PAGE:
Provided that an appeal may be admitted out of time if the appellant satisfies the court that he had good and sufficient cause for not filing the appeal in time.”
6. From the above provision of the law, it is clear that a decree or order appealed from is a pertinent part of an appeal filed in the High court against a decision from a subordinate court. In effect, there is no appeal without the decree or order appealed from. For this reason, Section 79G of the Civil Procedure Act quoted above provides a window for extension of time to file the appeal if the decree or order could not, for one reason or another, be secured within the limitation period.
7. It therefore follows that the preparation and delivery of the decree or order for the purpose prescribed in Section 79G of the Civil Procedure Act is not a pastime which one may choose to overlook but rather it is a mandatory ritual without which no legitimate appeal can be said to have been lodged in the High Court against a decision of the subordinate court.
8. The significance of the decree or the order appealed against in an appeal to the High Court is also mirrored in Order 42 Rule 2 of the Civil Procedure Rules which provides as follows:-
“Where no certified copy of the decree or order appealed against is filed with the memorandum of appeal, the appellant shall file such certified copy as soon as possible and in any event within such a time the court may order, and the court need not consider whether to reject appeal summarily under section 79B of Act until copy is filed.”
9. From the above provision, and as stated herein above, an appeal is incomplete without the order or decree appeal against. Order 42 Rule 13(4) of the Civil Procedure Rules provides as follows:
“Before allowing the appeal to go for hearing the judge shall be satisfied that the following documents are on the court record, and that such of them as are not in the possession of either party have been served on that party, that is to say:
a. The memorandum of appeal;
b. The pleadings
c. The notes of the trial magistrate made during the hearing;
d. The transcript of any official shorthand, typist notes, electronic recording or palantypist notes made at the hearing;
e. All affidavits, maps and other documents whatsoever put in evidence before the magistrate;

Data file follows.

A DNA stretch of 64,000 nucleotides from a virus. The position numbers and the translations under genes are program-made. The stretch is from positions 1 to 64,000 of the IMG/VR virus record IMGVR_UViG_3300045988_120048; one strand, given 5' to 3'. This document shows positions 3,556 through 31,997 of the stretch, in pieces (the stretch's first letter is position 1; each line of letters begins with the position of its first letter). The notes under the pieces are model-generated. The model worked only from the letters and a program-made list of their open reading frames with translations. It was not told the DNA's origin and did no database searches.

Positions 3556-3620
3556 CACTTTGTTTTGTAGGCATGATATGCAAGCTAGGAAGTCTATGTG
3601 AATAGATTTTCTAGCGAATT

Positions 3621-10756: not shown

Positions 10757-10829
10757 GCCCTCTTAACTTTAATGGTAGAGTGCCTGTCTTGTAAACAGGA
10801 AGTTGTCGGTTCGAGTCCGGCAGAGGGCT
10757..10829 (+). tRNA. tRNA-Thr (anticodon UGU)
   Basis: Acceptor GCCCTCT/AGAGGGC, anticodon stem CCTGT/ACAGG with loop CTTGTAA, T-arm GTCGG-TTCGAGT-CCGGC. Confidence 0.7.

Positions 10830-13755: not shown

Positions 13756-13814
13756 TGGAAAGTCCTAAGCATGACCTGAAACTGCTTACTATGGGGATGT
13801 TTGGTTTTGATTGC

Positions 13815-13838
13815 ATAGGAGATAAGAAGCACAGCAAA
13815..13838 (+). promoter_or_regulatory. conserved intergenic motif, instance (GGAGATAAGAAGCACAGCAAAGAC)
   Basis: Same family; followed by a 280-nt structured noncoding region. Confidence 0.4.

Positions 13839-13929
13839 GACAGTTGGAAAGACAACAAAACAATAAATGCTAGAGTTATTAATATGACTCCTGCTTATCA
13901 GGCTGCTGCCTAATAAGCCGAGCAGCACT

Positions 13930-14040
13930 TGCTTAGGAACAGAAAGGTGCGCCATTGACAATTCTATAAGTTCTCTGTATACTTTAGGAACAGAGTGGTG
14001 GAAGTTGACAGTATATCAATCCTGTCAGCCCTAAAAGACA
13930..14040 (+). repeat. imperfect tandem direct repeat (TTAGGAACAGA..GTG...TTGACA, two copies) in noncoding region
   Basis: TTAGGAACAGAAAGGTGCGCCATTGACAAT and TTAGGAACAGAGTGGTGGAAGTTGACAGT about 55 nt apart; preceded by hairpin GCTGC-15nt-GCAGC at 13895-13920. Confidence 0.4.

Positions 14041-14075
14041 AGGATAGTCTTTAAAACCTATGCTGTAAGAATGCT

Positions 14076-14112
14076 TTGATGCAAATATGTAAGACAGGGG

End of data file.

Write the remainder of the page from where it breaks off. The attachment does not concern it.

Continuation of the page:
f. The judgment, the order or decree appealed from, and, where appropriate, the order(if any) giving leave to appeal:
i. a translation into English shall be provided of any document not in that language;
ii. the judge may dispense with the production of any document or part of a document which is not relevant, other than those specified in paragraphs (a), (b) and (f).”
10. According to part(f)(ii) of the above Rule, this court has discretion to dispense with certain documents which may have been omitted from the record of appeal but it should certainly not overlook an order or decree appealed from.
11. In this case, the Appellant applied to be supplied with a copy of the judgment delivered on 7th October 2020 vide a letter dated 12th October 2020. It later filed a copy of the certified judgment vide its Supplementary Record of Appeal dated 6th October 2021. In the said Supplementary Record of Appeal, the Appellant indicated that it would furnish a copy of the decree by the subordinate court later.
12. Whereas the rules of procedure are handmaidens of justice and play an important role in the administration of justice, they should not, in appropriate cases, impede the administration of substantial justice. Article 159(2) (d) of the Constitution of Kenya 2010 provides that: “justice shall be administered without undue regard to procedural technicalities.”
13. The Court has a discretion under Rule 35(1) to strike out a notice of appeal or appeal where an essential step has not been taken in the proceeding or has not been taken within a prescribed time. However, this discretion should be exercised judicially having regard to all the circumstances of the case.
14. In my view, the omission to include a certified decree can be cured by the filing of a supplementary record which act will not occasion any undue prejudice to the Respondent. Any prejudice likely to be suffered can be compensated by an award of costs.
15. In view of the foregoing, I find that the application is without merits and it is dismissed.
16. On costs since the applicant was not aware of the hearing date and the application was argued without notice, I make no orders as to costs.
DATED, SIGNED, DELIVERED AT CHUKA THIS 10TH DAY OF FEBRUARY 2022.